Tom Webster, writing and speaking

Why A Closed Location-Based System Has Value

Added on by Tom Webster.

I suspect this post may be a little controversial, but here goes. facebook_places.jpgNow that Facebook has implemented Places - and putative location-based rivals Foursquare and Gowalla have "partnered" with them - the tech pundits have all jumped in to proclaim that location-based data is here to stay. There is a key difference between "checking in" on Foursquare and broadcasting your location on Facebook, however. If you are a Foursquare member, you joined it specifically to broadcast your location, earn badges and score a few dubious mayorships. The very fact that you signed up is the implicit signal of your desire to broadcast your location-based data.

That's not why nearly half of online Americans joined Facebook however. That's right, nearly 1 in 2 online Americans have a Facebook page - your sister, your mother, your boss and your ex. They didn't sign up for "Places" - and they didn't ask for it either. Make no mistake - the addition of location-based data was not a customer-focused addition. Though location-based services are popular amongst the twittering classes, the vast middle of the bell curve did not ask for this function, and if it were carefully explained to them, don't want it, either. It was added purely for Facebook's benefit, to generate data for advertising purposes, but was certainly not added for your benefit.

Wayne Sutton has helpfully provided six steps to change your privacy settings to ensure your location data is private, but I submit that this is five steps too many. Facebook is America's home page - the Wal-Mart, or Target, of online activities. The vast majority of users are simply not aware of all of Facebook's privacy implications, and Places has kicked us all a little further down the slippery slope that the new "Like" button started. Let's be clear - if your current privacy settings are set to allow "everyone" to see some aspect of your data, you are, by default, set to allow everyone to see your location data - and to allow "friends" to check you in to places without your knowledge. There are other privacy implications, as well, some of which are detailed on this helpfully scary page.

I can guarantee you, your mom doesn't want this. If you are the parent of a child with a Facebook page (almost all online teens have one), you don't want this either. If Facebook were to provide a pop-up for everyone when they next log in that carefully explained Places, and provided a big red "opt out" button, let me assure you that most Facebook users would click it. But, again, Facebook is not a user-centered enterprise, and their convoluted privacy scheme for Places is but one in a long line of goalpost-moving assaults on the data of your life.

Yet, there is a value for consumers in an opt-in, location-based service to express loyalty, have that loyalty rewarded, and build a relationship with advertisers of products and services that are meaningful. I've written before ("Antisocial Location Apps") that I want to check into Nordstrom, express my loyalty, and learn about discounts and sales. I want to check into my favorite coffee place because I love them and want them to flourish. I just don't necessarily want this to be a public transaction. Conventional wisdom is that open systems thrive, while closed systems die on the vine - that's why the Foursquares and Gowallas of the world jumped quickly to integrate with Facebook's "Open" Graph. Ironically, many of the same people who evangelize open systems and transparency are doing so on Apple products - the very paragon of a closed ecosystem. I can't help but wonder here if the Apple way - the "safe," controlled entry into the world of location-based apps and services, might not be the better way forward for mainstream Americans.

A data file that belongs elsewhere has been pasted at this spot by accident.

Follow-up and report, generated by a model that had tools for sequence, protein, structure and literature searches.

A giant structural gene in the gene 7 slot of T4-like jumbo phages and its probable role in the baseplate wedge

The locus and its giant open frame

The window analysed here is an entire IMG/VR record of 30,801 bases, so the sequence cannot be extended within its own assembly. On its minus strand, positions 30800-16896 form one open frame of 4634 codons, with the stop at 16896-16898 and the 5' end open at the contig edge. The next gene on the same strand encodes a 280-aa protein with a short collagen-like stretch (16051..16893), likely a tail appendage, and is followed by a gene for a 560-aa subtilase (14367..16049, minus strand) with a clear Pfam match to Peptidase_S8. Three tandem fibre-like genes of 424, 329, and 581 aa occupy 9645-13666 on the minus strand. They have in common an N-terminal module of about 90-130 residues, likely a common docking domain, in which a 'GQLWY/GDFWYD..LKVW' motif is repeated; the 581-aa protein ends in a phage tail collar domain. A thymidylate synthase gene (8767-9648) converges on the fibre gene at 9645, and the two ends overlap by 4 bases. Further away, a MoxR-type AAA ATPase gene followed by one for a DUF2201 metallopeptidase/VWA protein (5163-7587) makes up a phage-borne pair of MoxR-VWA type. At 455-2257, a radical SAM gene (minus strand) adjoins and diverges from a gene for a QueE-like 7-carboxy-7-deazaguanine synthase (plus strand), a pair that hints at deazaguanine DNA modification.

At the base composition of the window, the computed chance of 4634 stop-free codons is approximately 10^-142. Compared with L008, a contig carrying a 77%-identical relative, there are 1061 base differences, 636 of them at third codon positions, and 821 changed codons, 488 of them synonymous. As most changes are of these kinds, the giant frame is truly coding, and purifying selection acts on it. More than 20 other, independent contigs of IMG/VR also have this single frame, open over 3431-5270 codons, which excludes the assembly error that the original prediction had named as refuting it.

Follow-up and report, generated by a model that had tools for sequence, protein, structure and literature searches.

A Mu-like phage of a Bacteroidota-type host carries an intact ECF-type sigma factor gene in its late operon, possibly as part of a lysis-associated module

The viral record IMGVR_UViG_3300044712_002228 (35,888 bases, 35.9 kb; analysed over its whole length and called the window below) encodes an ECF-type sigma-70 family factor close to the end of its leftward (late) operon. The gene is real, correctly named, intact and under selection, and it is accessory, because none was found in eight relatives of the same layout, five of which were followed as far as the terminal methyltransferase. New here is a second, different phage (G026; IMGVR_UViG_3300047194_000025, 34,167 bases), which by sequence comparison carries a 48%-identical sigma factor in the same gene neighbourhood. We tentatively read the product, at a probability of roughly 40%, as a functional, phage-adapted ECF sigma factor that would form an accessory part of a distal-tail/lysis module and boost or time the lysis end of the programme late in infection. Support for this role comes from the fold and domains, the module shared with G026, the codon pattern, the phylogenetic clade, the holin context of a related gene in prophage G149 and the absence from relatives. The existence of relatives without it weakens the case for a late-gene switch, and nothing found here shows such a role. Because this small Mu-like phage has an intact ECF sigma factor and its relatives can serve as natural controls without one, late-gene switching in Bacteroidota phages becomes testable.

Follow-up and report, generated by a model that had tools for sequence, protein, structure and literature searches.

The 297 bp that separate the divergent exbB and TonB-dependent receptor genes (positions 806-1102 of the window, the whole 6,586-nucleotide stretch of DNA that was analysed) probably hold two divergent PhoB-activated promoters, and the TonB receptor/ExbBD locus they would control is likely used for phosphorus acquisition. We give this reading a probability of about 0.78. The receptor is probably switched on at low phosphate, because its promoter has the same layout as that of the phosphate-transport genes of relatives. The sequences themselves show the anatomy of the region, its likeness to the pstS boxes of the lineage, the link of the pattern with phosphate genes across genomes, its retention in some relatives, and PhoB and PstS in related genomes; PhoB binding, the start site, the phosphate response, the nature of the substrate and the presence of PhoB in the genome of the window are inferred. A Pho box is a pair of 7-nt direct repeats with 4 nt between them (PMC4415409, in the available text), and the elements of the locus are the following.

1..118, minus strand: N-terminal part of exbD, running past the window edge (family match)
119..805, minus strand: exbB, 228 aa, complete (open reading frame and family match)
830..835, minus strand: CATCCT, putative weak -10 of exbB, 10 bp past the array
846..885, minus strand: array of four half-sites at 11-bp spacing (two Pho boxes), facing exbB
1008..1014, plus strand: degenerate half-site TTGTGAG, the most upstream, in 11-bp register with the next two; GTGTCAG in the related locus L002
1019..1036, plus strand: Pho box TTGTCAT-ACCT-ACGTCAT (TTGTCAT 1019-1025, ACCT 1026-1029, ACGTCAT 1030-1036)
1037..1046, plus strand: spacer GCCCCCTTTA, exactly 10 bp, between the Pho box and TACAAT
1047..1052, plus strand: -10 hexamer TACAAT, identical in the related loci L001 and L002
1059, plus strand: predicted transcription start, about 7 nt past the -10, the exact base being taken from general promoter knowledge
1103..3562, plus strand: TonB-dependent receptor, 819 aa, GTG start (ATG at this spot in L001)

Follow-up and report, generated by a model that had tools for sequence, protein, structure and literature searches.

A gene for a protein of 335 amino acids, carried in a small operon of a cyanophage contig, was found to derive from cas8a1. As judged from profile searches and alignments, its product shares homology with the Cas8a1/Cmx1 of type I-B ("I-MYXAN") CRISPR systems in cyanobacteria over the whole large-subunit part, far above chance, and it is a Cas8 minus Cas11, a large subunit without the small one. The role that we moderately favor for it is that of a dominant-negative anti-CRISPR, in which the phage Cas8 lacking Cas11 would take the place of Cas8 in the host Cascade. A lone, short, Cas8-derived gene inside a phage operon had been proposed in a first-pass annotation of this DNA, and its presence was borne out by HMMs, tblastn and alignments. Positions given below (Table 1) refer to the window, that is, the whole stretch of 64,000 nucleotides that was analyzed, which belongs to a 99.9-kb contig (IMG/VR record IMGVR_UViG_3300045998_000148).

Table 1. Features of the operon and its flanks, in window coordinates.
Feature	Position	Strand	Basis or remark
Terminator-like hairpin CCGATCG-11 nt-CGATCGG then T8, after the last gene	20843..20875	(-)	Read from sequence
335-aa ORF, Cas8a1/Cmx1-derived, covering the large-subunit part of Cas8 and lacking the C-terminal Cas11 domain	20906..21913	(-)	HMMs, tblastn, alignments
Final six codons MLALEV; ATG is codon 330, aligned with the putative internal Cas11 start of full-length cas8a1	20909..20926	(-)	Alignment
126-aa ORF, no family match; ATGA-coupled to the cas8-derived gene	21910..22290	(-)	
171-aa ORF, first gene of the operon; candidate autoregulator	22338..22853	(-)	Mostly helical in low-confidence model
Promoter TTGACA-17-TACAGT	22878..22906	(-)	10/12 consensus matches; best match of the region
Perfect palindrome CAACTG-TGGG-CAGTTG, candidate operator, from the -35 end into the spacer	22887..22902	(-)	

Some have posited that Facebook's Places move will obviate the need for Foursquare and Gowalla, putting them out of business. Perhaps, but I can't help but wonder if "joining" Facebook is the only alternative to "not beating" them. Here in the Triangle area of North Carolina, we have a vibrant location-based startup called TriOut that is making all kinds of moves to connect local residents with local businesses. Not that they asked, but if I were to give them some advice it would be this - in the long run, mainstream America is going to figure out location-based social data, and is going to pass some kind of judgement upon it. The natural result will be some kind of change in how location-based apps do business.

If I were starting a location-based social network as a play for local advertising dollars, I'd anticipate those changes, and position myself now not as an openly-integrated Facebook partner, but as a private way for middle-of-the-bell-curve Americans to learn about discounts, sales and promotions from their favorite local vendors. I'd worry less about badges and letting my "friends" tag me, and more about security, logistics and fulfillment for local promotions. I would not integrate with Facebook, and I would make that a selling point. The flying monkey hooligan tribe might reject your offering, but your Uncle Bob might find it appealing for the same reasons.

In other words, I'd let Facebook warm up the market for you - and let them take the privacy heat that is sure to come - while you build your brand now as a customer-centric, private and secure way to make people's lives better without exposing private data.

What do you think? Am I misreading the general population? Would not integrating with Facebook be a death sentence for a would-be local service? Am I just a privacy Luddite, clinging to the last desperate illusion that my data belongs to me? I'm wide open to debate here, so let's kick things off in the comments.